In an attempt to win broader support for emerging legislation to reform the financial industry, House Financial Services Committee Chairman Barney Frank (D-MA) moved to change one of the proposal’s more controversial provisions – the creation of a Consumer Financial Protection Agency (CFPA).

The Chairman’s proposed changes include dropping provisions to require companies to offer “plain vanilla” loans and other financial products as an alternative to more complex ones, such as variable-rate mortgages. In addition, the proposal would exempt non-financial businesses such as retailers, lawyers and doctors from the CFPA’s oversight, instead focusing the new agency’s powers solely on financial companies.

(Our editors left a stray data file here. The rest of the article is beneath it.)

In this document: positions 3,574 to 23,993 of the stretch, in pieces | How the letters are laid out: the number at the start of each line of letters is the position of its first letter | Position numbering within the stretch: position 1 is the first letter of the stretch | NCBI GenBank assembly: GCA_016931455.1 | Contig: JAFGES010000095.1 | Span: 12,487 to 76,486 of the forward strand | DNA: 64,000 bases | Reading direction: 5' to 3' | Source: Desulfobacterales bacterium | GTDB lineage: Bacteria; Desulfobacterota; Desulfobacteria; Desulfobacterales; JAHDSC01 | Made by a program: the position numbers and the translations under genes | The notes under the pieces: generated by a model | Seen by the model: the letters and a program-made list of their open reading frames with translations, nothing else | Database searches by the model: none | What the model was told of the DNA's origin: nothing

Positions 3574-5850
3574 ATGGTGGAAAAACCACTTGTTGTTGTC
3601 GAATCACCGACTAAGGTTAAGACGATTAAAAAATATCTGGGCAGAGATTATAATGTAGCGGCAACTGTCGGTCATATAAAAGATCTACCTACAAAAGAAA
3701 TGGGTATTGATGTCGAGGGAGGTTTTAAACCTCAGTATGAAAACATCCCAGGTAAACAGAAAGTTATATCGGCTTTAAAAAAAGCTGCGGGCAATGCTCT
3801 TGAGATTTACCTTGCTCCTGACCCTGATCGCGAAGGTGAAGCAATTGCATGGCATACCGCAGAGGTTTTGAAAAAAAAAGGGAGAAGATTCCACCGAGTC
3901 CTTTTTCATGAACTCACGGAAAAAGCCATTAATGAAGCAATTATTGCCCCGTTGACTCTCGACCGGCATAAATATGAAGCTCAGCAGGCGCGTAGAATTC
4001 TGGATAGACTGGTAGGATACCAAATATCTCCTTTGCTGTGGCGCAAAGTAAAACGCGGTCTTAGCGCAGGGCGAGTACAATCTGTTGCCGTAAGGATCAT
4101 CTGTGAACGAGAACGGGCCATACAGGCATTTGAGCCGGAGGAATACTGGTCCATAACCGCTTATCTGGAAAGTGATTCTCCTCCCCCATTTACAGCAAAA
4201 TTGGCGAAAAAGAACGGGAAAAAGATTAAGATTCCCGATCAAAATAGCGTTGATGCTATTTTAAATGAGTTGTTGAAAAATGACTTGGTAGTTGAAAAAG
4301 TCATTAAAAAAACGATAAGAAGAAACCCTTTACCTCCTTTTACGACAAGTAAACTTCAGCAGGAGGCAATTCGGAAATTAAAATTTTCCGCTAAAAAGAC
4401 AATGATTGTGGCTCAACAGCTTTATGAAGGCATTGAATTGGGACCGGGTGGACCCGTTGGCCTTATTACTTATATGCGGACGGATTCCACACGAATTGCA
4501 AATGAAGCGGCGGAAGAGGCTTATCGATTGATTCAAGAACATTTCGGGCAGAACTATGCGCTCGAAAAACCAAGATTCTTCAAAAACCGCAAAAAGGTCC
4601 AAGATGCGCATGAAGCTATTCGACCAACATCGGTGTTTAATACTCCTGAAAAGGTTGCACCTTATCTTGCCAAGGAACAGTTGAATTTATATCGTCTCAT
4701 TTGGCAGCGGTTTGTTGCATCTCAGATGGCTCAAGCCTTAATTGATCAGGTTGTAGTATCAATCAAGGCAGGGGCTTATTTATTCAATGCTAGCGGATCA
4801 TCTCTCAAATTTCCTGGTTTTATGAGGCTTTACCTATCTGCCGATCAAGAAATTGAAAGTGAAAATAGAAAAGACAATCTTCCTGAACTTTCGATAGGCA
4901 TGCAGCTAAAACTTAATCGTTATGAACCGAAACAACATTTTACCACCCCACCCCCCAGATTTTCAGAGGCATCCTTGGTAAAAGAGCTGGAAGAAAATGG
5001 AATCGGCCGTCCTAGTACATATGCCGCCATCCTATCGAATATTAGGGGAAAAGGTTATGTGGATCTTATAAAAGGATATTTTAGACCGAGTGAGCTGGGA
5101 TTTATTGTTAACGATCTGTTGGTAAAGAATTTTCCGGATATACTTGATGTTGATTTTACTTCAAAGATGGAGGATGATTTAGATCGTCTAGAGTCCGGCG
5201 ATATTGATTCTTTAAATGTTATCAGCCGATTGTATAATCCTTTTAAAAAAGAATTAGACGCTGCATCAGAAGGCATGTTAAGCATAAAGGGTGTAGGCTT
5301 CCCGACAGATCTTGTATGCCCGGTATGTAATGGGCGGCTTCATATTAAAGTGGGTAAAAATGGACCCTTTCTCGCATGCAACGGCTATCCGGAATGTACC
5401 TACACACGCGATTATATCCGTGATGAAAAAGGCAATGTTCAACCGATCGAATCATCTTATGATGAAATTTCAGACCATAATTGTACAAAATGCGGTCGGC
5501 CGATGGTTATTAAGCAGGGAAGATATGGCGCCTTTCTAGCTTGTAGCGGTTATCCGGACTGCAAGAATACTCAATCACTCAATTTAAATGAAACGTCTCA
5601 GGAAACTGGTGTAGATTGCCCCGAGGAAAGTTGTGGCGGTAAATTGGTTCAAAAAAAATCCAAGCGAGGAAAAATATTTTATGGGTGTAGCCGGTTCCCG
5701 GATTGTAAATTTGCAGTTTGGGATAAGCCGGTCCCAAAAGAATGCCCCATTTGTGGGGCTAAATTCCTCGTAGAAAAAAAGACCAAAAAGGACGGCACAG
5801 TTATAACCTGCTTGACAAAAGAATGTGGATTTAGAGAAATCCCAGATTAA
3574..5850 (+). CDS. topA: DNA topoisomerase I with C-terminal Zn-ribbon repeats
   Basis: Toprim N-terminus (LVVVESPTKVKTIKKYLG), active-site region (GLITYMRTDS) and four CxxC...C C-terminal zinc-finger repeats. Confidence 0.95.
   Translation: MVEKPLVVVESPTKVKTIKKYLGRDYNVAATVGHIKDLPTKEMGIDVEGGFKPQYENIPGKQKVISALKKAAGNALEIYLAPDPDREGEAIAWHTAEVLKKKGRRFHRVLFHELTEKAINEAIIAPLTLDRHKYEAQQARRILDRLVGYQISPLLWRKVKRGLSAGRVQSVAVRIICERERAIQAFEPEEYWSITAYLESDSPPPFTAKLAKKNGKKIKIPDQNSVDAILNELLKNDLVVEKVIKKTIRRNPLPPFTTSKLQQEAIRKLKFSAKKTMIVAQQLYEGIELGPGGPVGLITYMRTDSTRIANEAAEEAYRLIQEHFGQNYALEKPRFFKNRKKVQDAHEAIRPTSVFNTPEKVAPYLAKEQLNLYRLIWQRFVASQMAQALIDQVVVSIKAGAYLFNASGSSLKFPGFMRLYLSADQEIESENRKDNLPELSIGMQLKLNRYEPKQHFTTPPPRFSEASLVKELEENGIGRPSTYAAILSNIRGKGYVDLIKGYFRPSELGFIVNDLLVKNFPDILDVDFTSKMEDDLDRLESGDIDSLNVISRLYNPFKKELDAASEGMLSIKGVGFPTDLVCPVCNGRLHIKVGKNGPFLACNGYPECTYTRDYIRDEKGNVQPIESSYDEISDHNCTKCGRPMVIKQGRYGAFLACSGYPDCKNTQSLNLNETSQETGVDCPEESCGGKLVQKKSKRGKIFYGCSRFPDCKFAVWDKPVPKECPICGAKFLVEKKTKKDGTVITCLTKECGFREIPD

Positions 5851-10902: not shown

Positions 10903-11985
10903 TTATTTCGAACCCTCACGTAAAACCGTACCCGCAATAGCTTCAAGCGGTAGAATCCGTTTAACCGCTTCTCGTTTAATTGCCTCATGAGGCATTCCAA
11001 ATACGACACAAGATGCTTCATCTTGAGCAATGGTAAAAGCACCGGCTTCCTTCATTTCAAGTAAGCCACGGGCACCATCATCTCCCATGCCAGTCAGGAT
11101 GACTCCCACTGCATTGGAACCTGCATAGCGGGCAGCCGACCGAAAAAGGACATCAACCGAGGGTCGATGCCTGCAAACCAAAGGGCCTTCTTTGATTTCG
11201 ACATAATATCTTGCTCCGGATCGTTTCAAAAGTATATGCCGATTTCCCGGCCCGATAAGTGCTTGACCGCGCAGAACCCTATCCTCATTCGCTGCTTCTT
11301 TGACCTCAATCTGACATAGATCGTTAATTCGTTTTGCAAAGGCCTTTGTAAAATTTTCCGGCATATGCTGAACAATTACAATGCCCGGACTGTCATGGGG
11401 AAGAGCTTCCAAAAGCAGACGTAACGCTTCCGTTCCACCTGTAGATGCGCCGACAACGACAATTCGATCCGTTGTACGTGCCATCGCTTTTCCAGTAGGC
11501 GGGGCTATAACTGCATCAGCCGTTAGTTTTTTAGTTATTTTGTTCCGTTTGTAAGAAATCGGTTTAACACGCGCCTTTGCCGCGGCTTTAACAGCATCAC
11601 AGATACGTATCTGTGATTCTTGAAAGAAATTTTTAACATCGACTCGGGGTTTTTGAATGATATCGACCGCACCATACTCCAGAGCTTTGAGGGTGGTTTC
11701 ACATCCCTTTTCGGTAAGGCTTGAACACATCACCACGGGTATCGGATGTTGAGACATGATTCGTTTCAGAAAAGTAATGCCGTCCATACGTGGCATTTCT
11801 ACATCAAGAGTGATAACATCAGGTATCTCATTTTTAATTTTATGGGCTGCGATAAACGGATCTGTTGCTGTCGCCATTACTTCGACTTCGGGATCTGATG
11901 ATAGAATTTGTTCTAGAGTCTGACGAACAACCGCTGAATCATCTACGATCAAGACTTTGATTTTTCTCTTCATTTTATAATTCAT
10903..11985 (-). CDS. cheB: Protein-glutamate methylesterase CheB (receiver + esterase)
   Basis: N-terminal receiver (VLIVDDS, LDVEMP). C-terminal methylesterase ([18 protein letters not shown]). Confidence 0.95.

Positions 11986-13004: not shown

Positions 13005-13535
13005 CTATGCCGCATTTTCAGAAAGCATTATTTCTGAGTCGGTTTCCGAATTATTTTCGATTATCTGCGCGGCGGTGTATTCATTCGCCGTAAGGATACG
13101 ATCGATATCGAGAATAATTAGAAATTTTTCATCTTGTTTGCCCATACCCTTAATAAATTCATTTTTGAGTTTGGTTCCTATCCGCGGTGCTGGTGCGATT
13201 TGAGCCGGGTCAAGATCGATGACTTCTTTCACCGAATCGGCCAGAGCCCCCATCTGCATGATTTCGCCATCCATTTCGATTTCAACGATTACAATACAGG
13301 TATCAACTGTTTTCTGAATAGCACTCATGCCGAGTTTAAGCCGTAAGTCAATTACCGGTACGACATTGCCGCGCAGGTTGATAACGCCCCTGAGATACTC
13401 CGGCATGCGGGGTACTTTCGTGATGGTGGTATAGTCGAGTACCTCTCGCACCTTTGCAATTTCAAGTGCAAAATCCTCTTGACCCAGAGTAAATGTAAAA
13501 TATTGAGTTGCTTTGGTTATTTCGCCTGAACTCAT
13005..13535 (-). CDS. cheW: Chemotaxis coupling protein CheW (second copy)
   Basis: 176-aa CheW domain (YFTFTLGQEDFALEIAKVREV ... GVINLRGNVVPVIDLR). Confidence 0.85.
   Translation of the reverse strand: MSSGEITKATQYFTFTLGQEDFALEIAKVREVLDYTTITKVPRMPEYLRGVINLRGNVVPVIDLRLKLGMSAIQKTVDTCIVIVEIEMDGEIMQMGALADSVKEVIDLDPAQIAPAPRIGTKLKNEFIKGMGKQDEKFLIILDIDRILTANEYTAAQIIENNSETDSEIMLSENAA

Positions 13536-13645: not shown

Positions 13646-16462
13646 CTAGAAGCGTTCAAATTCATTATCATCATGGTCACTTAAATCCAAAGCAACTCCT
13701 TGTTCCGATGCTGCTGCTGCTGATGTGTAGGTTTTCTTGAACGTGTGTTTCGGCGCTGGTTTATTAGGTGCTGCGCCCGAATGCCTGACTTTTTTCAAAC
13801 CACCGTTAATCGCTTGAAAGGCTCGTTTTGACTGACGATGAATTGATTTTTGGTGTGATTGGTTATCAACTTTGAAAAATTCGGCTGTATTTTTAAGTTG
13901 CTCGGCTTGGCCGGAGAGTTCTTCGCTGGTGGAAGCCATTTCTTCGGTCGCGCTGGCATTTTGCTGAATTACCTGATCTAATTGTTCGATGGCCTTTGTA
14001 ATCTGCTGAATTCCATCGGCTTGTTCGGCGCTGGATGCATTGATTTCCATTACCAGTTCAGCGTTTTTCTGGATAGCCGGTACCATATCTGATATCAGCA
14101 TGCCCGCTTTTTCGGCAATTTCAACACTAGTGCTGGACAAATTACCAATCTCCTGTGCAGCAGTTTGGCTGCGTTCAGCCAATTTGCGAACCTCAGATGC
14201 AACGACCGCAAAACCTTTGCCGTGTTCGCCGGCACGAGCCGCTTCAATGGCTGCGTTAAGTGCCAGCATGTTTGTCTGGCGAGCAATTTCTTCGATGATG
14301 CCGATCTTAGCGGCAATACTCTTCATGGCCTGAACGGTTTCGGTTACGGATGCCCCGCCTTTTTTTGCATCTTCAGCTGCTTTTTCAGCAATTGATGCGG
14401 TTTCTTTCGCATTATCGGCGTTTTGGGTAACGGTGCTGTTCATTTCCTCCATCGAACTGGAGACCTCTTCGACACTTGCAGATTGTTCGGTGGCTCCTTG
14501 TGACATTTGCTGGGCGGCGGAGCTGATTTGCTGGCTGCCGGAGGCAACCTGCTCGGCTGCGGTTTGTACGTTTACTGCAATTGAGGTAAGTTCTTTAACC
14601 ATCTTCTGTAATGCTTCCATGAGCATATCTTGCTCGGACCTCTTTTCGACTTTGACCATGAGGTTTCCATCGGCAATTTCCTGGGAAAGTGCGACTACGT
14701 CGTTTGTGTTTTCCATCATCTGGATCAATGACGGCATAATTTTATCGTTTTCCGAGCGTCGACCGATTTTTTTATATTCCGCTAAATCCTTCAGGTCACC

The changes were released by Chairman Frank earlier in the week, and were met with support from Treasury Secretary Timothy Geithner during his testimony before the Financial Services Committee on Wednesday. They were put forth in an attempt to alleviate opposition from various interest groups representing the above-mentioned industries.

Despite recent reports that the Senate may not take up financial regulatory reform until the new year due to a packed legislative schedule, Chairman Frank reiterated his committee’s intention to move a bill to the House floor this year. According to the Chairman, the Financial Services Committee will mark up legislation in October, with floor consideration in November.